You would think that being named moderator for this week’s presidential debate will certainly be among the career highlights for NBC News’ Kristen Welker.
But such an honor also comes with plenty of baggage. The debate is still a day away and already President Donald Trump is complaining about Welker being unfair. And regardless of how she performs Thursday night, there’s a good chance that at least half the audience is going to be upset with her, depending on how the candidates perform.
See, that’s often how it works: If a candidate does well, it’s the candidate’s doing. If the candidate doesn’t do well, it’s the moderator’s fault.
So knowing that half the audience, if not more, is already predisposed to criticizing a moderator before the start of the debate, a moderator needs to plow forward worried only about what he/she needs to do, not how it’s going to be perceived by those who they are never going to make happy anyway.
A moderator needs to worry, mostly, about two things: asking really good questions and keeping the candidates in check. And keeping them in check means making sure they don’t speak when they’re not supposed to and getting them to answer the questions they are asked.
Good luck with that.
The debate commission is trying to help. After two debates (one presidential and one vice presidential) full of interruptions and candidates ignoring time limits, the debate commission announced microphones will be muted for portions of this debate, allowing the other candidate to speak without interruption.
But Welker, too, will need to be on her best game. Just because microphones will be muted doesn’t mean the candidates won’t be able to talk. If Trump decides to talk while Biden is speaking, the audience might not be able to hear Trump, but Biden will hear him, and that could cause issues that Welker will need to address. And there’s even a chance that Trump’s voice will be picked up by other microphones on the stage.
Trump is already griping about the microphones being muted, calling it “crazy” and saying “there’s nothing fair about this debate.”
However it plays out, it could quickly devolve into a repeat of what we saw in the first debate. And if that happens, Welker will take some of the blame. Perhaps, unfairly so.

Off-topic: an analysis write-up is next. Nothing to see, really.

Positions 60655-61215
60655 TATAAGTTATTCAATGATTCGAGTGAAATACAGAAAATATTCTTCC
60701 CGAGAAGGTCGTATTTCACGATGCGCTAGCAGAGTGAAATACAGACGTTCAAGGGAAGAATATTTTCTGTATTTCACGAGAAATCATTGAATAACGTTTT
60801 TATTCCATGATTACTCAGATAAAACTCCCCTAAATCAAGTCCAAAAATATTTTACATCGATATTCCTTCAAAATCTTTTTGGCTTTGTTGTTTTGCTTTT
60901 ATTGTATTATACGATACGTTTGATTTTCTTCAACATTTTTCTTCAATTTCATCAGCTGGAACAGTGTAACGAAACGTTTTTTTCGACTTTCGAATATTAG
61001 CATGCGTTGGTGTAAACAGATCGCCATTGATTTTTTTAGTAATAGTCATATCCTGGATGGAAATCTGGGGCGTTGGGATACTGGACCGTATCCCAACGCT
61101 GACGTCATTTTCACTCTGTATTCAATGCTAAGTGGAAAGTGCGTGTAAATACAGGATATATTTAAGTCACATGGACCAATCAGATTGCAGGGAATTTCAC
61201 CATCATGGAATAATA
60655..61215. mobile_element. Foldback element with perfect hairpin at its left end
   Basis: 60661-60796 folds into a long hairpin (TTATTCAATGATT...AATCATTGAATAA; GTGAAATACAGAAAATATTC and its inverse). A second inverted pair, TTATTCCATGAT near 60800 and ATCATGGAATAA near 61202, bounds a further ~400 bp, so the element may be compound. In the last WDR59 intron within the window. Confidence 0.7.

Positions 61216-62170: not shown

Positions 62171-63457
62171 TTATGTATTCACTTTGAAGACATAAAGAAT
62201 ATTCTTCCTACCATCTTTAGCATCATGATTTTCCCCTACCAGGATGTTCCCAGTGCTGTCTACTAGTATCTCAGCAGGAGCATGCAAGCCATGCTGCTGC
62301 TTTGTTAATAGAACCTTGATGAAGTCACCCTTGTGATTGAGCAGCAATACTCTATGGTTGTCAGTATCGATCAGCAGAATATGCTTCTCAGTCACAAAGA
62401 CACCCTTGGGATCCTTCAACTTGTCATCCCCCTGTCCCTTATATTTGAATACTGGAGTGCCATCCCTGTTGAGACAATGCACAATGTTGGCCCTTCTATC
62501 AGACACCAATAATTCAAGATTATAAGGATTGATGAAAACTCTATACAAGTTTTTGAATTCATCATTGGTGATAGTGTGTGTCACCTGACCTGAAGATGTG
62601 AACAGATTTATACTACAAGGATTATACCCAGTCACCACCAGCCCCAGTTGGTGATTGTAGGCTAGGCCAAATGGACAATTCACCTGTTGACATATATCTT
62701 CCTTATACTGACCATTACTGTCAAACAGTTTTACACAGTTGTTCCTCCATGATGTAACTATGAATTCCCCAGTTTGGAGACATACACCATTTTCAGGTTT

I say unfairly because what is she to do? If the candidates — and, let’s be honest, I’m talking about Trump — refuse to listen to Welker’s requests/demands/pleas to stop talking, there’s really nothing she can do. Trump knows this and there have been reports that it’s his strategy to constantly interrupt Biden in order to throw Biden off.
Welker can try her best, and perhaps she can take some lessons from her NBC colleague Savannah Guthrie, who just kept talking during the Trump town hall last week until Trump was forced to listen to her.
Either way, Welker’s work is cut out for her on what could be the best and worst night of her career.
Is there a problem?
“60 Minutes” has an interview scheduled to air this Sunday with President Trump. And it could turn out to be something. On Tuesday afternoon, CNN White House reporter Kaitlan Collins tweeted, “Apparently there was some drama while President Trump was taping his 60 Minutes interview today. He abruptly ended his solo interview after around 45 minutes & did not return for a scheduled walk & talk he was supposed to tape with Pence, @abdallahcnn and I are told by sources.”
Collins also tweeted, “Biden and Harris were also interviewed by 60 Minutes & all are scheduled to appear in the same program. While Biden and Harris taped their interviews separately, Trump and Pence were scheduled to appear on camera together. They ultimately did not and Pence taped his separately.”
Not long after, Trump started tweeting about “60 Minutes.” He first tweeted a clip of correspondent Leslie Stahl not wearing a mask. Then he tweeted that he was considering posting the interview before “60 Minutes” aired it, adding that it was “FAKE and BIASED.”
The New York Times’ Michael M. Grynbaum and Maggie Haberman reported that Trump sat for the interview for 45 minutes and it did not end when his aides expected it to. He then cut off the interview and refused to do a “walk and talk” with Stahl and Vice President Pence. As far as the mask thing, the Times reported that Stahl was wearing a mask before the interview and took it off for the interview. The clip tweeted by Trump was taken immediately after the interview before Stahl could put her mask back on.